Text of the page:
When Kavon Ward walks onto Bruce’s Beach in Manhattan Beach, a wealthy, predominately white coastal enclave in southern California, she keeps her focus on the ocean. Looking elsewhere gets her blood boiling.

“I feel disgusted. When I look straight ahead into the water I am fine, but when I look right or left and see all these big homes owned by white people, I get mad,” she says.

Her anger stems from last year’s movement to return Bruce’s Beach to the heirs of Willa and Charles Bruce. The couple had purchased the property in 1912 as a haven for African Americans barred from swimming at or enjoying seashores designed for whites only. In its heyday, the property included a resort called Bruce’s Beach Lodge, with a hotel, beach house, restaurant, and dance hall.

Kavon Ward looks out at the ocean at Bruce’s Beach, in Manhattan Beach, California, on March 9, 2021. Ward has been working to raise awareness about the Bruce family and the valuable property that the city took from them in the 1920s.

“I just remembered being so angry and so upset [that the property was taken]. I had no plans on being an advocate or anything. I just put it out there: ‘I want the land given back,’” says Ward, who founded Where Is My Land last year, after taking up the cause for Bruce’s Beach. “My spirit told me this is what I was supposed to do. I knew it.”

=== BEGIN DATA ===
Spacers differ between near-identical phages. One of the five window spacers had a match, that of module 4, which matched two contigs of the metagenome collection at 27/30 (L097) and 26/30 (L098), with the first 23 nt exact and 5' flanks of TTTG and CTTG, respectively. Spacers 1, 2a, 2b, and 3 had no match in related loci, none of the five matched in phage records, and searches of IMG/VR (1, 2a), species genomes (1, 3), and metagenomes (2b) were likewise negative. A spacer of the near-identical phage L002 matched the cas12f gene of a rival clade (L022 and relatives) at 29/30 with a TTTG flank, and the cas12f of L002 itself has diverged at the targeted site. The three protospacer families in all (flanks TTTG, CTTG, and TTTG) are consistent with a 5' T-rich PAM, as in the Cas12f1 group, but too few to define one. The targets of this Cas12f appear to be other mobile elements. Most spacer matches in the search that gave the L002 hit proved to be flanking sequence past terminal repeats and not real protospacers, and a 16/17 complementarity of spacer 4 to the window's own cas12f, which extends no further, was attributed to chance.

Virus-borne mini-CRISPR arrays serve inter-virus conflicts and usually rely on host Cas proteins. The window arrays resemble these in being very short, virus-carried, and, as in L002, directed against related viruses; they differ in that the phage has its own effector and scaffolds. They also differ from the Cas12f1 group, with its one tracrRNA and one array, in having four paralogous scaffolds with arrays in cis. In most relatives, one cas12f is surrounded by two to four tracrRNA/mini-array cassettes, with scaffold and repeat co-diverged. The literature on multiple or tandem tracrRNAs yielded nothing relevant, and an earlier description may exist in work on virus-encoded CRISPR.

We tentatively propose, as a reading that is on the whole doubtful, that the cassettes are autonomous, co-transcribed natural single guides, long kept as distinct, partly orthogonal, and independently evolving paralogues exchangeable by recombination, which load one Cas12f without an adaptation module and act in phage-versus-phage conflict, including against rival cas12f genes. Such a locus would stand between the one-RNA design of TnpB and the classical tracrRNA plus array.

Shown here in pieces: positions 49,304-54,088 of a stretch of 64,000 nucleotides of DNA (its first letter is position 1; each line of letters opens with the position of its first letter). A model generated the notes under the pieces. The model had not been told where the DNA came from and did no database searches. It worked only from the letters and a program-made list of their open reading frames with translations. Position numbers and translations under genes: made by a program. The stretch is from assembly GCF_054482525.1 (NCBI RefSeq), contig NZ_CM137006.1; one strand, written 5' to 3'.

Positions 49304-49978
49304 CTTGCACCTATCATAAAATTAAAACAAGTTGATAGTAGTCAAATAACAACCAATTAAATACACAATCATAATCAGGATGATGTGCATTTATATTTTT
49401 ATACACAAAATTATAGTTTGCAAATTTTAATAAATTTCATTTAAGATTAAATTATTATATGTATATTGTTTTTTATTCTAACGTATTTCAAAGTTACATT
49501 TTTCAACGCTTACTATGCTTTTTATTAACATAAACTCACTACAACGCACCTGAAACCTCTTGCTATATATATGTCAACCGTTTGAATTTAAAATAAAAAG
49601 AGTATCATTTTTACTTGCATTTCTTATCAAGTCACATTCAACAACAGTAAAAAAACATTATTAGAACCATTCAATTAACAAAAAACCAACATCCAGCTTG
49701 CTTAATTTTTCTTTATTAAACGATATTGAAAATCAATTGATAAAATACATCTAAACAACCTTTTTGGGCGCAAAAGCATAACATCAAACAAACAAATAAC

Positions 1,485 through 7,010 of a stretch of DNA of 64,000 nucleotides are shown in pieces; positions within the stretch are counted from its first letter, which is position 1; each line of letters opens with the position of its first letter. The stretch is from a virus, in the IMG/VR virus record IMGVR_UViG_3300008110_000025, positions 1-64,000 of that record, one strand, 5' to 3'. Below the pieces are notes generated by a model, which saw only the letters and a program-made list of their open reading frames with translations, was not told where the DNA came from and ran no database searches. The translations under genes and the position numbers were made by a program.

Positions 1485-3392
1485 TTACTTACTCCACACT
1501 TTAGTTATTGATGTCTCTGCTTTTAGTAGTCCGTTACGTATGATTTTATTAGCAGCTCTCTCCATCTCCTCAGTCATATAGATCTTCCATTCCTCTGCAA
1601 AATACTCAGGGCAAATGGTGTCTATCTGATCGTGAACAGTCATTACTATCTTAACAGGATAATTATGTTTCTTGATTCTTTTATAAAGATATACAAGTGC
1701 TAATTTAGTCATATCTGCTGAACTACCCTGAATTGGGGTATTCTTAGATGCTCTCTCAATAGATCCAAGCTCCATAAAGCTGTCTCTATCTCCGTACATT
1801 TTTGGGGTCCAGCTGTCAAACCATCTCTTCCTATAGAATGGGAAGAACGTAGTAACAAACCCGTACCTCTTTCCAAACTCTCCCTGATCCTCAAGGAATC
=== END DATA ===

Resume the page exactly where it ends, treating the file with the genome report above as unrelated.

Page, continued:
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Last September, California Governor Gavin Newsom fulfilled Ward’s wish, by signing a law authorizing Los Angeles County to return the three-acre property to the Bruce family after nearly a century—a first in United States history. And last week, the county agreed to an unprecedented two-year lease with the family, including the option for the county to purchase the property for $20 million.

Bruce’s Beach isn’t the only historically Black beach in America. Dozens dot the East Coast and elsewhere, including Bay Street Beach, known as “The Inkwell,” in Santa Monica, California. South Carolina’s Atlantic Beach, also known as “The Black Pearl,” is the only one in the country to have remained in the hands of African Americans since its founding in the 1930s.

As Americans head to sandy shores this summer, the story of Bruce’s Beach shines a light on a troubling time in American history, when the government illegally seized properties owned by people of color.

It also offers hope that such properties—worth billions by one estimate—will someday be returned to the descendants of the Black families who purchased them, in some cases, to experience a quintessential summertime holiday, free from racism.